Tesla's Project Juniper Focuses on the Model Y; Don't Expect a Major Refresh

By Kevin Armstrong
Tesla will refresh its Model Y with minor refinements to the interior and exterior of the vehicle
Tesla will refresh its Model Y with minor refinements to the interior and exterior of the vehicle
Tesla

Tesla is gearing up for a production overhaul of its top-selling Model Y with the code name Project Juniper. It’s a fitting code name because juniper is an evergreen shrub, and according to Merriam-Webster's Dictionary, evergreen is retaining freshness or interest; universally and continually relevant. Reuters reports the update will include changes to the electric vehicle's exterior and interior and is set to begin production in October 2024.

Don't Expect A Complete Refresh

A source has told us not to expect a complete refresh, much like the Model S and Model X went through in 2021, but more of a refinement in various areas. This will not be a major redesign, internally or externally, however, the exterior of the vehicle is expected to have more changes. Much like the Model 3's upcoming changes with Project Highland, the majority of these changes are focused on cost-cutting.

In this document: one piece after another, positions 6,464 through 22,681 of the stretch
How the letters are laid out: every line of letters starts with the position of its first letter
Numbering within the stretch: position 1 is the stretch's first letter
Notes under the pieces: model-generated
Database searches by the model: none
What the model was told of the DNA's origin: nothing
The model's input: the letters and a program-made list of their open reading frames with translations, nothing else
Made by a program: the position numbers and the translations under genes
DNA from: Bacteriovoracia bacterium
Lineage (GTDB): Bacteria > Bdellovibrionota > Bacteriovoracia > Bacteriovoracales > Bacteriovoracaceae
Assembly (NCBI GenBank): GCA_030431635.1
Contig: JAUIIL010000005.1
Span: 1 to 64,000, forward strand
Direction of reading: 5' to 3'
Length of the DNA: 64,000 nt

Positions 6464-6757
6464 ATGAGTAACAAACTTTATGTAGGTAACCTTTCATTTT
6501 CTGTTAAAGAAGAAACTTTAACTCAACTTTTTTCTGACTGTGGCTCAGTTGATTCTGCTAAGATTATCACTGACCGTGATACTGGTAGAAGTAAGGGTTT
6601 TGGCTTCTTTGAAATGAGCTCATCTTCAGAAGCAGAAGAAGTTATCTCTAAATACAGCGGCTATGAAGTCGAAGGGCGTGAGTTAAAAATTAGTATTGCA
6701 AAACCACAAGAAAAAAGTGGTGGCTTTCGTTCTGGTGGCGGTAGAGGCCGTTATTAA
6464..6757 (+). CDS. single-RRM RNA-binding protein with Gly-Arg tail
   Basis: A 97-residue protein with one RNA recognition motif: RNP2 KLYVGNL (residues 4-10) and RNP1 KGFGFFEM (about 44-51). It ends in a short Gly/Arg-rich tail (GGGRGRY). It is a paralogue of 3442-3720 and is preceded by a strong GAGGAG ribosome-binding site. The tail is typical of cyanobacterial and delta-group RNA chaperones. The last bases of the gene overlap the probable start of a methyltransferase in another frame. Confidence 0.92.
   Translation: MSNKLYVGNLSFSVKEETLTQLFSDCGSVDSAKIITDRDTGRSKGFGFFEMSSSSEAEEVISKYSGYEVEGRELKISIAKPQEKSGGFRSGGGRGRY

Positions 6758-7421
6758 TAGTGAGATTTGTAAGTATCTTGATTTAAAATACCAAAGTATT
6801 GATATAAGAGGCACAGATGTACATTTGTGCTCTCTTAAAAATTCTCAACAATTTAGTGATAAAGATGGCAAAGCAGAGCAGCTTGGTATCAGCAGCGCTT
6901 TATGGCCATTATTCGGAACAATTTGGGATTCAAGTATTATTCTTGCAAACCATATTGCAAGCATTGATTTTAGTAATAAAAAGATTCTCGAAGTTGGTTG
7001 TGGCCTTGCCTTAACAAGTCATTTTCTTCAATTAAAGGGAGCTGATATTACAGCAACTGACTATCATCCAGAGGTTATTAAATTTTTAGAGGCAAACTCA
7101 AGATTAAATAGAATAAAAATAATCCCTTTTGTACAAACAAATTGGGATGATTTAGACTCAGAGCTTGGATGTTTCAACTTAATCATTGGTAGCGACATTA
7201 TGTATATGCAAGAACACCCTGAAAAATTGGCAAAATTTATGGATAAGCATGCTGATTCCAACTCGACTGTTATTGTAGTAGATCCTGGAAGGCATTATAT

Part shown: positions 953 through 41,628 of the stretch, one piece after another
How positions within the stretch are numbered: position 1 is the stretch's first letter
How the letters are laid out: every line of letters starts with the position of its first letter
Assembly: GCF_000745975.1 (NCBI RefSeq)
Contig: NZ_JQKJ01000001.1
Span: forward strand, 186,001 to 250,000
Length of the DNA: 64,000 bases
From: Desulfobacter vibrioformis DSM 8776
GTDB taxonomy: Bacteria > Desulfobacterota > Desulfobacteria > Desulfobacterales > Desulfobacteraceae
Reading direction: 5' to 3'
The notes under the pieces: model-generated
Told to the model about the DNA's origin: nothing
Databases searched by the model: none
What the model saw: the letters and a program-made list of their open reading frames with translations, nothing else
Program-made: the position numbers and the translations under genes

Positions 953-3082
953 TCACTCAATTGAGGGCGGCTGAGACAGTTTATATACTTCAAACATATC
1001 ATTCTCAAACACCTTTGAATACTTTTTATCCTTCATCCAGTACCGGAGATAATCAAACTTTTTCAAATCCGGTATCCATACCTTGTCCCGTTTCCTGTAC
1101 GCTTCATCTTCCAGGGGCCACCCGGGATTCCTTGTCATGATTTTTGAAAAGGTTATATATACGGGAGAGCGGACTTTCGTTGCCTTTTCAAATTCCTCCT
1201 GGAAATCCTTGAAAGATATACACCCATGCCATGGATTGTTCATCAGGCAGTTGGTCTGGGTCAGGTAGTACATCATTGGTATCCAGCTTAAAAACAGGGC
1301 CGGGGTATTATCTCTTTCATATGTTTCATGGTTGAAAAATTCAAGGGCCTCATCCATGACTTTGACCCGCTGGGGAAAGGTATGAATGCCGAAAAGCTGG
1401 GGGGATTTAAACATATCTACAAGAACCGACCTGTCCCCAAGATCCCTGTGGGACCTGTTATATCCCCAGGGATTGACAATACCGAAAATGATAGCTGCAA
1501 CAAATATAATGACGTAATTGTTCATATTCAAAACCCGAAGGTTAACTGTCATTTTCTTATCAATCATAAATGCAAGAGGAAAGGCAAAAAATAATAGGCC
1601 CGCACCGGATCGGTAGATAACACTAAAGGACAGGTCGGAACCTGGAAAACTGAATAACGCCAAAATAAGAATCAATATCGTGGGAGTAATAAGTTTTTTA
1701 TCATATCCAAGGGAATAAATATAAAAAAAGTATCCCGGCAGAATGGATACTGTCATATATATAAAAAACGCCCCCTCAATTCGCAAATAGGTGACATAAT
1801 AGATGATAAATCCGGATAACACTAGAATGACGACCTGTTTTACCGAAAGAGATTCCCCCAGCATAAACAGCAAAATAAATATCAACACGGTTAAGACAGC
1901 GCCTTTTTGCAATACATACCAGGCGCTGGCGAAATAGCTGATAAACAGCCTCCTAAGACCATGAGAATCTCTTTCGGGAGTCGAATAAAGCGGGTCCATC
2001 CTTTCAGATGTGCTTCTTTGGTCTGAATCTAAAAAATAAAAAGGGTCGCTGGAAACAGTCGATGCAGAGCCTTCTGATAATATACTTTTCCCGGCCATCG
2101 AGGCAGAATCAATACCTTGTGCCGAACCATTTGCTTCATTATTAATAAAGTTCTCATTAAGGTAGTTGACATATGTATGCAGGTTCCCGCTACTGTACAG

Cost-Cutting

A large portion of the Investor Day presentation focused on cutting costs and finding more efficient processes while using a smaller footprint to do so. Tesla CEO was asked if this process would go into the Model Y. “Retooling a factory means bringing a factory down for an extended period of time, I prefer not to do that, I think. There are variants on how Model Y is produced. We’ve got variance where there is a rear casting, where there is a front and rear casting, and we have the structural battery pack. There are a number of small improvements that occur. For the really big changes those would be future vehicles.”